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A new orbit around the shrinking globe;Research focus;Briefing

The themes of the European Educational Research Association Conference were as global as the speakers, reports Reva Klein.

GLOBALISATION exercised the minds of many at last weekend's European Conference on Educational Research in Finland. And in keeping with the theme, the event itself turned out to be truly global.

While there was a preponderance of British delegates - English being the official language of the conference - they were joined by speakers from Australasia, the Far and Middle East and North America as well as many more from all over a rapidly changing Europe.

The keynote address by Professor Bob Lingard of Australia's Queensland University looked at globalisation and its influence on education policy.

Professor Lingard charted the growing standardisation of policy across the globe - partly in response to the publication of education indicators by international bodies such as the Organisation for Economic Co-operation and Development. His address set the scene for other papers on the effects of the now ubiquitous marketplace approach to education.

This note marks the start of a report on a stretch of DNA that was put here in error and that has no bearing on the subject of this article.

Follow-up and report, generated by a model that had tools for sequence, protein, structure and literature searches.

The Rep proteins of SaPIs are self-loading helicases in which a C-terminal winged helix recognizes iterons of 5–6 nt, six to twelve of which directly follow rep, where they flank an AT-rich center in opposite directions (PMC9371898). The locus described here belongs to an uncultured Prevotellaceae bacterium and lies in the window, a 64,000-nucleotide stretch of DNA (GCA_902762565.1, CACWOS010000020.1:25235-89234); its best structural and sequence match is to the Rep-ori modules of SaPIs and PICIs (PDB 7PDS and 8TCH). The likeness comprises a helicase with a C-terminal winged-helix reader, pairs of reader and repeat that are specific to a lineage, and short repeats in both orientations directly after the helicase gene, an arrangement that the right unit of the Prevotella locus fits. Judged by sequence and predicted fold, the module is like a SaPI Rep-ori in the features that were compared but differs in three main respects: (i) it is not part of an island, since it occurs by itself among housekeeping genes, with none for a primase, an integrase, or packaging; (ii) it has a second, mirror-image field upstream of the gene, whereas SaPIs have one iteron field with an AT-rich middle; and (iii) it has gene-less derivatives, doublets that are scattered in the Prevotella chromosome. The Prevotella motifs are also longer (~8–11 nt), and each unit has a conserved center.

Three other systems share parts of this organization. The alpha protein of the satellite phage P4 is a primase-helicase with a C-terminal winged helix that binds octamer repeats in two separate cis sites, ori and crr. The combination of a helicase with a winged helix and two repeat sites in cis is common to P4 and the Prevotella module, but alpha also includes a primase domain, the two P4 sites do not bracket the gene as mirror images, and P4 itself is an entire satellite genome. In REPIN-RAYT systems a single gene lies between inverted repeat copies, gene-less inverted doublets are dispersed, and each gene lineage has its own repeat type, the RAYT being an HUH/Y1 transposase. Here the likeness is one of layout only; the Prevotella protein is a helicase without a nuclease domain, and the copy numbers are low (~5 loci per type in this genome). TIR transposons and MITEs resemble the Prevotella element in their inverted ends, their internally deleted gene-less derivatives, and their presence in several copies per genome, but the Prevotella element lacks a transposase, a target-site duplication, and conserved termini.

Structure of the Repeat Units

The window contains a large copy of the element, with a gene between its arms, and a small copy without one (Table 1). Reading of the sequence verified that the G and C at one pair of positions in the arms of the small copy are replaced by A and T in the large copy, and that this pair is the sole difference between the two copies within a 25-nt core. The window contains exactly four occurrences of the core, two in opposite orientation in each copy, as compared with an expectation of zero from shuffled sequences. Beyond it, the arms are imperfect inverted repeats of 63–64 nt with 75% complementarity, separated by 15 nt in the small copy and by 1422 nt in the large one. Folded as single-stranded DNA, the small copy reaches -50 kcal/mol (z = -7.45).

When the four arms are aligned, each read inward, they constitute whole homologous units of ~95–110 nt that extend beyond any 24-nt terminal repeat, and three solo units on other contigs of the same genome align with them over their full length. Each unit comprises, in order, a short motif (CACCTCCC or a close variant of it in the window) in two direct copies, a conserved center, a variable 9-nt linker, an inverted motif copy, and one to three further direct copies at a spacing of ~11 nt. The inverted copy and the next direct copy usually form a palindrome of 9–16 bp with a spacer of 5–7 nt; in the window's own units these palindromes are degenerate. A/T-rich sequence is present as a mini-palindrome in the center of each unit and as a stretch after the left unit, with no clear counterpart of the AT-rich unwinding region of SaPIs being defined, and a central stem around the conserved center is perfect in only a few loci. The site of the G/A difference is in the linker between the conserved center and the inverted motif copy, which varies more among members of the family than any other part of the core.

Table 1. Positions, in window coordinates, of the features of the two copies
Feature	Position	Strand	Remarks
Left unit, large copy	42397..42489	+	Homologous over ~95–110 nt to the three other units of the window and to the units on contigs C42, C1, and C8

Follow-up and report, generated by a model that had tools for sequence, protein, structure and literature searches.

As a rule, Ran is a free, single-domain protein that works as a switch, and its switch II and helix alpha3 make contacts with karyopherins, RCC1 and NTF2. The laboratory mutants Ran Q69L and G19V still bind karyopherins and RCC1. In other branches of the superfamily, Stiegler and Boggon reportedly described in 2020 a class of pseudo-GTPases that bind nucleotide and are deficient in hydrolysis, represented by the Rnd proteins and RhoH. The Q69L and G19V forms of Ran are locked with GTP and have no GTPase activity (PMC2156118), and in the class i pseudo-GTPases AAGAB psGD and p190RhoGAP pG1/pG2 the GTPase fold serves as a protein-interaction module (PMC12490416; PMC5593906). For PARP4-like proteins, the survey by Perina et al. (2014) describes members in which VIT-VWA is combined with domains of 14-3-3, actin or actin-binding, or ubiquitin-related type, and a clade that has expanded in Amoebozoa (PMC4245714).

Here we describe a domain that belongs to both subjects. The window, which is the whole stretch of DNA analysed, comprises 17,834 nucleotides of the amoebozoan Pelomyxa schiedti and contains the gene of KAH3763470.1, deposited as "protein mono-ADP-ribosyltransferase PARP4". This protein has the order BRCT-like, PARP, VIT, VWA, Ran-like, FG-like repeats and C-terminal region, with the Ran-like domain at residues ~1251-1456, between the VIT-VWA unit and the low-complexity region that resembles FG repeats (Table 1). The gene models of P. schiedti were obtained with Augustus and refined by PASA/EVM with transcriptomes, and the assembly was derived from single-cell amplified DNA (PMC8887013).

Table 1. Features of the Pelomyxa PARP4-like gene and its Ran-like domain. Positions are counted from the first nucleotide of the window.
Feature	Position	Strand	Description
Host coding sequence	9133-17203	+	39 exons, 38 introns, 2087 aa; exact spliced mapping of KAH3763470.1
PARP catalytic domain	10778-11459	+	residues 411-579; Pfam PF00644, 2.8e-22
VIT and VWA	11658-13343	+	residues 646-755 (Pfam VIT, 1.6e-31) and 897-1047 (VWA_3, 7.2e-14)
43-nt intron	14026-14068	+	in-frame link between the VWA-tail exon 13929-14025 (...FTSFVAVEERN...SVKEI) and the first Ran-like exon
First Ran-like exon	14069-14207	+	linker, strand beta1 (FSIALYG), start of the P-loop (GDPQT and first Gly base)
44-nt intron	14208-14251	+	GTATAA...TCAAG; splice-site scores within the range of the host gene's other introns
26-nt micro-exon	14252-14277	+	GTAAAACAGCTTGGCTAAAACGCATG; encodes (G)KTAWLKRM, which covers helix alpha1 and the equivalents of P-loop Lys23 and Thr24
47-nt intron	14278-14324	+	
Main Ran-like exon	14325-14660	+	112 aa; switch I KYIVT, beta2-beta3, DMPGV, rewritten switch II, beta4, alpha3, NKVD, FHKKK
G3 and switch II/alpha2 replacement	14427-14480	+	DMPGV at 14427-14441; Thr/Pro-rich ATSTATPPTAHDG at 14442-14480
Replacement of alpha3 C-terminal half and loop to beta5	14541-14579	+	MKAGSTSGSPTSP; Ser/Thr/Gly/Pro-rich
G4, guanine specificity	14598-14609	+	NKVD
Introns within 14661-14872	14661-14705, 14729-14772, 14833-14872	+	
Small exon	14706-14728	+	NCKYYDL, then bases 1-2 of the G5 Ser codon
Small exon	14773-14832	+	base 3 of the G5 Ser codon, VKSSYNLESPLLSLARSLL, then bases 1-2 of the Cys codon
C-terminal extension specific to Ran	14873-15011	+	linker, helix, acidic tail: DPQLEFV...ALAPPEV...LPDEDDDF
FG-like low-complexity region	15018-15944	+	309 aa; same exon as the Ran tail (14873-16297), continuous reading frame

National identities and national curricula were another recurring theme. A quirky but thought-provoking paper by English academic David Hamilton from Umea University in Sweden suggested that new curricula will have to do away with obsolete notions of national curriculum and multi-culturalism. Instead, he argued, we need a curriculum that reflects the new identities of modern society, based on common prospects rather than common inheritances.

Others grappled with cultural barriers. From a largely homogeneous Finland, Sirkha Laihiala-Kankainen described the two-way culture shock of absorbing 3,000 Russian-speaking immigrants. She spoke of the need for teachers to understand the culture and pedagogic traditions that children come from.

Technology, inevitably, featured in many guises. Perhaps most interesting was the lecture by Erno Lehtinen, another Finn, who gave an overview of research on computer-assisted learning. He showed, in a nutshell, that it's not the computers but how you use them that increases pupil performance. It was a fascinating reminder of how educational research is a constantly evolving science that changes in line with pedagogic trends.

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